'Criminal Minds' Recap: Does Reid Remember What Happened in Mexico? – BuddyTV (blog)

What happened in Mexico cannot stay in Mexico, and in this Criminal Minds episode, the team is even more determined to have Reid remember just what happened and get Mr. Scratch, so Tara and Prentiss both sit out the case to do what they have to to help their teammate.

Meanwhile, Rossi, J.J., Luke and Stephen head to Arizona in “True North” to investigate when three bodies are found tied to stakes in the desert. If the case does just one thing, it teaches that science fair competition can be killer.

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Even Reid’s Mind Can Play Tricks on Him

Mr. Scratch has been spotted in Honduras, and it’s very possible he passed through Mexico at some point. They need Reid to remember what happened in that motel room because if he can, Stephen has a contact at the NSA who’s on board with putting Scratch on the high-priority watch list.

While Prentiss goes to London to talk to her former colleagues at Interpol, Tara visits Reid in prison to conduct another cognitive interview. But Reid’s not exactly in the right frame of mind at the moment and even tells Tara that it’s better for everyone to stay away from him.

Tara has Reid go through what he remembers, but it’s what he already told Prentiss. He’s still psychologically blocking whatever happened. After a short break, Tara has him start again, focusing on Nadie’s reaction when the door opens. They were both surprised, he says. It happened so fast. He can’t make out the person’s features. Tara then has him go back to when he was blocked, and Reid can feel someone behind him. But then he remembers stabbing Nadie. “I killed her,” he says, but Tara knows that’s not possible.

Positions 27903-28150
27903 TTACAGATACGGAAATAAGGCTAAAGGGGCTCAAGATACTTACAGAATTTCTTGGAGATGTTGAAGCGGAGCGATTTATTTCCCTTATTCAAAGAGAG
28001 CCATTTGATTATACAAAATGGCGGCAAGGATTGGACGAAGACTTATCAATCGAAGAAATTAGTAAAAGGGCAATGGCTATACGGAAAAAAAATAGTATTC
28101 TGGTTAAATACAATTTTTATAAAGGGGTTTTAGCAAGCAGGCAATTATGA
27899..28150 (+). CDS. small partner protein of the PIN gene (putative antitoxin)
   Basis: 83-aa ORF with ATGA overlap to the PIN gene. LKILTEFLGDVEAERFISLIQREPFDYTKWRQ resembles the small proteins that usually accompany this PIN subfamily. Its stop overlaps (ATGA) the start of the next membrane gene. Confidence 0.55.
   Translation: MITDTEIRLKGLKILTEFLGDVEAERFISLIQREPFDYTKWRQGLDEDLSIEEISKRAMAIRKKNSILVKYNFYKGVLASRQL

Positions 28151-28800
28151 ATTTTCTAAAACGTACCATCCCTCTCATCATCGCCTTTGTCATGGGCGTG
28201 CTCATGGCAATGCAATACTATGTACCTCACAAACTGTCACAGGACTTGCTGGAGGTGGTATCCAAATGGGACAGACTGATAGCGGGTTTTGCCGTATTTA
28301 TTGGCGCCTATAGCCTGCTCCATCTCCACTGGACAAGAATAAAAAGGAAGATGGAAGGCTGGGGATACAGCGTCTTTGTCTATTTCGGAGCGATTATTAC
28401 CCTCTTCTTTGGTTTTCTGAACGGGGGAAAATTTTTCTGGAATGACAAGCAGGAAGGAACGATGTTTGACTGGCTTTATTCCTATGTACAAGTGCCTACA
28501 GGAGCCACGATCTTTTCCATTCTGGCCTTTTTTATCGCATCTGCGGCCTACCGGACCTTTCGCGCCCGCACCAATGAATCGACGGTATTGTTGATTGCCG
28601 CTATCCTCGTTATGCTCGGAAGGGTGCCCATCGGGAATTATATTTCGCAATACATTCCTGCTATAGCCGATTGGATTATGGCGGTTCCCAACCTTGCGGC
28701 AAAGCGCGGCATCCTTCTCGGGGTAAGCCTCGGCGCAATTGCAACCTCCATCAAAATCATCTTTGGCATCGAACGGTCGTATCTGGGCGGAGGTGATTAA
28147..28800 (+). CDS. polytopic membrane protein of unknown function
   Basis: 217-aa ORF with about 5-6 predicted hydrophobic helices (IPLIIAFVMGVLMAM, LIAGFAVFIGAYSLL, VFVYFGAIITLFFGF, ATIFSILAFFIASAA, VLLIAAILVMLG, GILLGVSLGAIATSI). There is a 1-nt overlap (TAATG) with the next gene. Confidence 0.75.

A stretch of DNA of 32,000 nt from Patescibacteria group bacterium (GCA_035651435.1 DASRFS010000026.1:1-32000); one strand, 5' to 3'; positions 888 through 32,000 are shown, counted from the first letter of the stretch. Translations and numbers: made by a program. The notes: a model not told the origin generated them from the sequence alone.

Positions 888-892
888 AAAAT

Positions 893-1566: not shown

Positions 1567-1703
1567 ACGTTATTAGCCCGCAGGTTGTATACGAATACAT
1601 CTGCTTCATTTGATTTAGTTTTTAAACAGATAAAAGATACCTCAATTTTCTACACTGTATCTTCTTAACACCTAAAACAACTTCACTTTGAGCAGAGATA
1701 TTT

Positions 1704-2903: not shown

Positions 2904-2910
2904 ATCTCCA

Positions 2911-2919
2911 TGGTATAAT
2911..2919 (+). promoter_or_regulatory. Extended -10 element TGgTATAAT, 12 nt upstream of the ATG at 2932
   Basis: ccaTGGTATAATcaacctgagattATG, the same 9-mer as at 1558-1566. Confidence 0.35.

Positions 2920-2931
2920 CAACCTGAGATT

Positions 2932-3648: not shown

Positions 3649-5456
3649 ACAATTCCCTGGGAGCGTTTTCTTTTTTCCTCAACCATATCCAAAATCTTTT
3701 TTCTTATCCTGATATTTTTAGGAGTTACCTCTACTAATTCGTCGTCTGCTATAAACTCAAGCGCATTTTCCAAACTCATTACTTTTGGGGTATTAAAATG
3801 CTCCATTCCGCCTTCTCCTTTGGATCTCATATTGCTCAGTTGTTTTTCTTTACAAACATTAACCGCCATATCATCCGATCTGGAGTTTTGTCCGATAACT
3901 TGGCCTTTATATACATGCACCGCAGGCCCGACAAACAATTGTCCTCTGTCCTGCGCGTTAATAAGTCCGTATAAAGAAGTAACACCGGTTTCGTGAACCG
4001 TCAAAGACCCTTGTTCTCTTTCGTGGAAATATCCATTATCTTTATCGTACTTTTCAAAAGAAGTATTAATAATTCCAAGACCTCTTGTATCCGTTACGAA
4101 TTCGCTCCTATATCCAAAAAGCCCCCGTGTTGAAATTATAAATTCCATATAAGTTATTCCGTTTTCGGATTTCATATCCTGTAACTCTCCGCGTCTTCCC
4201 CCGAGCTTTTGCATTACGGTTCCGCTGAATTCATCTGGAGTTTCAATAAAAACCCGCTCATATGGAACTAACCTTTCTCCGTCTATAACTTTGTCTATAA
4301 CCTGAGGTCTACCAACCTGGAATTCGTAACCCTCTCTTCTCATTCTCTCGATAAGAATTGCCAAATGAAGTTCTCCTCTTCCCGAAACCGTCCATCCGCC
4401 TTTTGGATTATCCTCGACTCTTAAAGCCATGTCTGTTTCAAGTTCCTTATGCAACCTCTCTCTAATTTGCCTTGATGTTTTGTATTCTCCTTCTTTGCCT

Reid’s brain is constructing a false narrative, Tara tells Prentiss when she updates her on the visit. He was under more stress than he’s ever been even before all this happened, and that combined with what happened in Mexico makes reconstructing more difficult. They can get there, but it will take more work.

But if Reid can swear under oath that he saw Scratch in that motel room, Stephen’s contact will put him on the terrorist watch list. It’s up to Tara to make some progress with him.

And she does with her next visit. His brain is playing tricks on him, she says, and she knows he knows that. She knows that he’s had to do things in prison to survive that he wouldn’t have thought of doing on the outside, things that make him feel guilty or ashamed. (He did, after all, go by the infirmary and see Malcolm before his first meeting with Tara.) His brain has to process that guilt and spreads it around to places it doesn’t belong, like Nadie’s murder.

So they start again. He moves the knife to get to Nadie. That’s how he cuts his hand. There’s a noise and a spraying sound and he feels a mist over his shoulder. He turns and the image comes into focus. It’s Scratch drugging him. “It’s time,” Reid hears him saying. “Time to go.” He’s holding out keys. Then she walked out, Reid tells Tara, like she wanted him to chase her. Hold on, “her?” Scratch didn’t frame him. A woman did. (This may be the perfect time to check that Cat Adams is still behind bars, just to be safe.)

Baking in the Sun

The case is full of “awfulness so awful that it made me temporarily forget about the whole Reid awfulness,” as Garcia puts it. The three bodies were found within 50 feet of each other, shock collars around their necks and a blue silky fabric over their shoulders.

They were killed one by one over time (a month ago, two weeks ago and less than a week ago) and positioned facing one direction, with boulders moved in front of each and water bottles found near the rocks. (The same DNA is found on the outside of all the water bottles, but it’s not present in the water itself, meaning the UnSub isn’t drinking it. So what’s he doing with it?) The UnSub appears to be savoring it as he watches his victims bake to death. The cause of death is likely dehydration.